Housing - Coalition? What Coalition?

The by-election in Oldham and Saddleworth on Thursday will not mean much in the long-term, but it will be the first short-term public verdict on the performance of the coalition.

I say ‘public’ because in private there seems plenty of verdicts already being drawn up.

Vince Cable and his colleagues made it quite clear what they thought of many Tories in the Daily Telegraph’s sting operation; likewise there are rumblings on Conservative benches about too much ground being given away to Lib Dems on Europe and civil liberties.

But where is the coalition, and where is the comment, when it comes to housing?

It strikes me that Eric Pickles and Grant Shapps, both amongst the more strident of the Conservatives in government, are carrying out their party manifesto to the letter without any apparent concession to the Liberal Democrats. There has been the occasional mutter of concern about housing benefit reform from Lib-Dem deputy leader Simon Hughes, but he has fallen silent since taking a coalition role to market higher fees to poorer students.

This ‘one party, no compromise’ approach to housing contrasts actively with the give and take we are told happens in most other parts of government.

We have had a series of Conservative manifesto housing promises honoured, such as:

- reducing expenditure on housing benefits;
- scrapping of regional planning processes and housing targets;
- relaxation of small-scale planning regulations;
- introducing development incentives and veto powers for communities;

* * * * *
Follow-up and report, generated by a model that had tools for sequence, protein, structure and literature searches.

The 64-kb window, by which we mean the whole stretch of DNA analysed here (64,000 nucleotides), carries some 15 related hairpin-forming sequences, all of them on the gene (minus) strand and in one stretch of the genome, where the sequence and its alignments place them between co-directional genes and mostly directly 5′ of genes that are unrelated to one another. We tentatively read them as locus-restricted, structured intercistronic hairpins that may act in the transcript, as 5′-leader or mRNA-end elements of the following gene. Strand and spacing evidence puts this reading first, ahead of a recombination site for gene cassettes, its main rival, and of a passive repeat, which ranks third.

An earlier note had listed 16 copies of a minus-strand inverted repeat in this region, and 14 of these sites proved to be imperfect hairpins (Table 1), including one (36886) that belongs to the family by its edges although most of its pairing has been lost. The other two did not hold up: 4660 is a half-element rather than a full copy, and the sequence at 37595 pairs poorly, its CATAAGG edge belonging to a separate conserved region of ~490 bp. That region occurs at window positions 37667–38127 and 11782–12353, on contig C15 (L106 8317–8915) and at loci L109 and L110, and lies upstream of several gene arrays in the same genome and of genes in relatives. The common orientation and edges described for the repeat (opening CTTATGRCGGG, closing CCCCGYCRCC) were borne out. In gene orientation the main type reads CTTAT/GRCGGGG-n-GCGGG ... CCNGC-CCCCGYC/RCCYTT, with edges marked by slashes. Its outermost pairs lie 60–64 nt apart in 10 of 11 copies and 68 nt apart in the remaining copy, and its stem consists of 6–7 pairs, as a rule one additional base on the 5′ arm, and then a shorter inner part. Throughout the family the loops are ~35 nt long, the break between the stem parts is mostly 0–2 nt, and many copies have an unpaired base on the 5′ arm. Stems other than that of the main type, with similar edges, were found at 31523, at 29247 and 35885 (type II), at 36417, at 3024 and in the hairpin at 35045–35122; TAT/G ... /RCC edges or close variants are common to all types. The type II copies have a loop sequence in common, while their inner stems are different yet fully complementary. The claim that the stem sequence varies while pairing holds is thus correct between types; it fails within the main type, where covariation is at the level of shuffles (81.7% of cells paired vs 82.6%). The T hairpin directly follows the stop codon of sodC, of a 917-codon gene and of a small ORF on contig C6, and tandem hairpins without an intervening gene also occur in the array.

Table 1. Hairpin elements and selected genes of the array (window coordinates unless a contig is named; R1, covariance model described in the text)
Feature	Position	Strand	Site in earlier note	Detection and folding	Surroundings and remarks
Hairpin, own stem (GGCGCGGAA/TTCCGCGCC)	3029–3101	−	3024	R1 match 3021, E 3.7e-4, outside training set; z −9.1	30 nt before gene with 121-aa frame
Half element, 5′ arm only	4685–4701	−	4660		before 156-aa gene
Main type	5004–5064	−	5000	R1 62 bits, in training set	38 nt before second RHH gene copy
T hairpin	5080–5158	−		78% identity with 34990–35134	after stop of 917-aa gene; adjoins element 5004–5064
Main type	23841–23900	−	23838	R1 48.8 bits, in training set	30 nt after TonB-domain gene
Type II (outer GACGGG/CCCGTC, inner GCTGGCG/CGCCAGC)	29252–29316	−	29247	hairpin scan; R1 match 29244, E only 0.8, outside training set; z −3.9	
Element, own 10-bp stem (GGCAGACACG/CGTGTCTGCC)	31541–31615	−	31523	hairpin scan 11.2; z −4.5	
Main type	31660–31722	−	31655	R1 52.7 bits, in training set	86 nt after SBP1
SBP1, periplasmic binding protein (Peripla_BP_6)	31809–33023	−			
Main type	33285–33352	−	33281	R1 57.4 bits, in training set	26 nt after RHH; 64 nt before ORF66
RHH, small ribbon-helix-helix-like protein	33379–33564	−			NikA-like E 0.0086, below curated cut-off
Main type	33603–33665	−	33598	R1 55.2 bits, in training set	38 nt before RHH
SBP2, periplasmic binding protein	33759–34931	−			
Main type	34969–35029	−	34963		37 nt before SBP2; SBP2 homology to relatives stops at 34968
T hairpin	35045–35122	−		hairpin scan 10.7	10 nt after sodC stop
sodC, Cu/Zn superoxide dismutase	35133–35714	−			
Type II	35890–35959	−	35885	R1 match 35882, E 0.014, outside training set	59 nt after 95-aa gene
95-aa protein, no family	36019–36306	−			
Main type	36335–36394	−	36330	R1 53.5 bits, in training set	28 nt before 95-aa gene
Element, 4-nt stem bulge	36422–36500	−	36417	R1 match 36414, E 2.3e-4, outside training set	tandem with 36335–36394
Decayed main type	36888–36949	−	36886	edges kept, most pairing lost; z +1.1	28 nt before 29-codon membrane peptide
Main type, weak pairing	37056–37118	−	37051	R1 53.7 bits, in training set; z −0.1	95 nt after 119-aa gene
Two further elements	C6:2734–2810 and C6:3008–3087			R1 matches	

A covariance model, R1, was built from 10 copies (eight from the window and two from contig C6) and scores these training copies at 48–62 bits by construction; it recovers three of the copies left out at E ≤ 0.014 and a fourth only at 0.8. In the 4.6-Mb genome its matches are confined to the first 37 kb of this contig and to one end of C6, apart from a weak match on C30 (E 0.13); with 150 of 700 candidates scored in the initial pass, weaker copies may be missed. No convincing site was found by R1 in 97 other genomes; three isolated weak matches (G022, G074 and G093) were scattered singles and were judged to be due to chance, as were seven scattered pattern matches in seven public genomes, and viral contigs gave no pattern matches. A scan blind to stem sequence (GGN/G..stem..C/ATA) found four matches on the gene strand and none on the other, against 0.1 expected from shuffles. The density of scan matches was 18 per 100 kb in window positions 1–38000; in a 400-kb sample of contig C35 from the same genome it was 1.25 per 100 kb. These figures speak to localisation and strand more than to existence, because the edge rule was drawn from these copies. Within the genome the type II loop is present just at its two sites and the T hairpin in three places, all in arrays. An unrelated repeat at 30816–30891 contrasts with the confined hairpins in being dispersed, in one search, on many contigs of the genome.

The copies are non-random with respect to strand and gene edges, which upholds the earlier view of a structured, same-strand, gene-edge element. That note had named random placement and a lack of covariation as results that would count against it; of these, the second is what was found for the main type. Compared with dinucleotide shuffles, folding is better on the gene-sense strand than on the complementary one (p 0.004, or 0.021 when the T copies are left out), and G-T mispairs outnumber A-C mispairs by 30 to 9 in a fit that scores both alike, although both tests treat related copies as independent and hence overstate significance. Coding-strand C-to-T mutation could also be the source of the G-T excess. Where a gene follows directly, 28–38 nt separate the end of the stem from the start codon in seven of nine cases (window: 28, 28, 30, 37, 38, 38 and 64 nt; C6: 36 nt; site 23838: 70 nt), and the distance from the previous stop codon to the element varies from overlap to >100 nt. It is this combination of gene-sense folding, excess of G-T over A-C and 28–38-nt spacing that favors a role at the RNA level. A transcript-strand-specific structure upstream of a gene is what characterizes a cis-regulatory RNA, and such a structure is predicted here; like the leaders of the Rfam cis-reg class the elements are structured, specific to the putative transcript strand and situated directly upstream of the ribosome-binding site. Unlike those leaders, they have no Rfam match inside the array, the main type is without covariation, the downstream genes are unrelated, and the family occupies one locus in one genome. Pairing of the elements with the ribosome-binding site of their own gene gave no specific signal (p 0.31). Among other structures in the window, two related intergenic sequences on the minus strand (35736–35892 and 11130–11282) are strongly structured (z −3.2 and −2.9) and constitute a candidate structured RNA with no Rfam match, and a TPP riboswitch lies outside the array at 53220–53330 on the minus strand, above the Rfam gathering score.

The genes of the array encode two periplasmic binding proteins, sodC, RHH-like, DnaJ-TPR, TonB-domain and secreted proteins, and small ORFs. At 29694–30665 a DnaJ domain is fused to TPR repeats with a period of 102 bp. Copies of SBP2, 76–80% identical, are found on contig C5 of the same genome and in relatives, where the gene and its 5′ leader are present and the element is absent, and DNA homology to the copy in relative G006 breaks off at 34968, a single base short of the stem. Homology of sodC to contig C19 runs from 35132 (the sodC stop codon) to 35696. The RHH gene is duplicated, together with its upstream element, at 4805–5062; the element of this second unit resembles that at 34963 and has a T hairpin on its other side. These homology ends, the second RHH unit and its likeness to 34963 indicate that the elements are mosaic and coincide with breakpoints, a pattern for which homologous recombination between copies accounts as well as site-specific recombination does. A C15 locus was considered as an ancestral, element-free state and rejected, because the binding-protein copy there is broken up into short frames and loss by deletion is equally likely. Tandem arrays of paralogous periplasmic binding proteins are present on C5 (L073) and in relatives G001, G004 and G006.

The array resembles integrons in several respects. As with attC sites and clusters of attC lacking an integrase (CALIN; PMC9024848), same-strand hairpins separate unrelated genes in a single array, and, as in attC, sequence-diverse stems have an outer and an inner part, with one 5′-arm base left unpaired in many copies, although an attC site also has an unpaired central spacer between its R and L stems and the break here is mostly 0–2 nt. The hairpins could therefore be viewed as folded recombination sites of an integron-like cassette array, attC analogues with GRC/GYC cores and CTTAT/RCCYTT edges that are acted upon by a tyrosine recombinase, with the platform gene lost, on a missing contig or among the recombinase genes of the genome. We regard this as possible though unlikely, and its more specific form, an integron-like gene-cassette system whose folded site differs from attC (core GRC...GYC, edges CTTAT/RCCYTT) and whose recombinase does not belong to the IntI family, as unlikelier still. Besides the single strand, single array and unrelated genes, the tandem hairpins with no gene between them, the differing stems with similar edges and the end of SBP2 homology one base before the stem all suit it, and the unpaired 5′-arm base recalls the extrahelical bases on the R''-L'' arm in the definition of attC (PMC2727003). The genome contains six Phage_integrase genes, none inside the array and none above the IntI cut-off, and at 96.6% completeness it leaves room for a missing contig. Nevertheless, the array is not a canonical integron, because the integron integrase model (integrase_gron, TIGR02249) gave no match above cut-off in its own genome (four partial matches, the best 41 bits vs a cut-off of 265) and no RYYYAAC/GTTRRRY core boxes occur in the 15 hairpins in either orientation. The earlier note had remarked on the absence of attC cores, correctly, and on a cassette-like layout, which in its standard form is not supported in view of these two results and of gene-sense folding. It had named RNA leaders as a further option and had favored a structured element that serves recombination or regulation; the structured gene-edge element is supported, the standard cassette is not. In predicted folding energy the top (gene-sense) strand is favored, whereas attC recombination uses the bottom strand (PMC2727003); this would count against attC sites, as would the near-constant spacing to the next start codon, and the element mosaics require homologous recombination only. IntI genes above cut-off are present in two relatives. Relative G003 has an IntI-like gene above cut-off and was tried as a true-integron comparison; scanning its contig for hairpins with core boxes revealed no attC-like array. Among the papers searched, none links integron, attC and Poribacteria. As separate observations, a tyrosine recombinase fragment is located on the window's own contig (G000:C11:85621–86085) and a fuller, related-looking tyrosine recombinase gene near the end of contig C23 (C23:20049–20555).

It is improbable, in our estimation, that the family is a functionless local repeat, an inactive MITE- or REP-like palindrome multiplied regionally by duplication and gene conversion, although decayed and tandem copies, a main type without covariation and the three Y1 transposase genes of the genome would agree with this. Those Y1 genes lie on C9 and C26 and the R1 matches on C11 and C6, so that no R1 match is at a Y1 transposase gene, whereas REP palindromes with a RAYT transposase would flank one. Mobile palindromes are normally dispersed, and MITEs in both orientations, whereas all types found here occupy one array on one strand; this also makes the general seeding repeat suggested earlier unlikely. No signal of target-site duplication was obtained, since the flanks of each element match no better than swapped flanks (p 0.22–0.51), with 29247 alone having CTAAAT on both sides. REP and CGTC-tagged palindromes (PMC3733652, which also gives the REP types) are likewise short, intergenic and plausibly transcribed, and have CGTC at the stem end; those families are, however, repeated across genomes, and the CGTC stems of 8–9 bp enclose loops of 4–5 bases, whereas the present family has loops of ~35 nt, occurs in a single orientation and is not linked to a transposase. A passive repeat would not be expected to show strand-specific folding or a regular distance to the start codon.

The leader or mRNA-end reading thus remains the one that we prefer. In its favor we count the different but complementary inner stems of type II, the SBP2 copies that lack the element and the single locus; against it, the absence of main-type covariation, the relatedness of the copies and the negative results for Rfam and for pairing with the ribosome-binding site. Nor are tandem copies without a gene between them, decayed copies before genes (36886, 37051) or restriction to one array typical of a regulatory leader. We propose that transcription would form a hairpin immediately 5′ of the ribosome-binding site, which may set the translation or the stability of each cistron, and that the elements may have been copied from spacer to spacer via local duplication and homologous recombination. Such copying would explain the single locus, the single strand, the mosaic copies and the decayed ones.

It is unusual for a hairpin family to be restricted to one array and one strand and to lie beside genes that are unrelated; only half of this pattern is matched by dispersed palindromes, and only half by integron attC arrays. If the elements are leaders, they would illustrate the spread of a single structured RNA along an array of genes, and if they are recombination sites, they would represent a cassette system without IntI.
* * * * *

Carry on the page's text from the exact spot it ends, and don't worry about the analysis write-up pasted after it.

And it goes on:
- promoting self-build as a major component of overall house building.

But where are the Liberal Democrat promises? They may have not been to the property industry's tastes but, in every other department, such promises have been at least taken into consideration. I'm talking about ones like:

- keeping Home Information Packs;
- reducing or scrapping Right to Buy;
- a mansion tax on homes worth £2m and above;
- building “tens of thousands of affordable homes to rent”;
- introducing VAT on new homes;
- controlling the numbers of second homes through planning powers.

No doubt Liberal Democrats will say their influence has changed the coalition’s housing policies in the past eight months. But if you read the Conservative manifesto for the 2010 election, it looks very much like the list of initiatives we have seen since May.

Do the Lib Dems not care about the issue, or do they now agree with the Conservatives?

It clearly matters little to Oldham and Saddleworth voters as polls suggest the party most likely to win is Labour - which has said next to nothing about housing since the election. Housing, it seems, is something most parties simply aren’t interested in....

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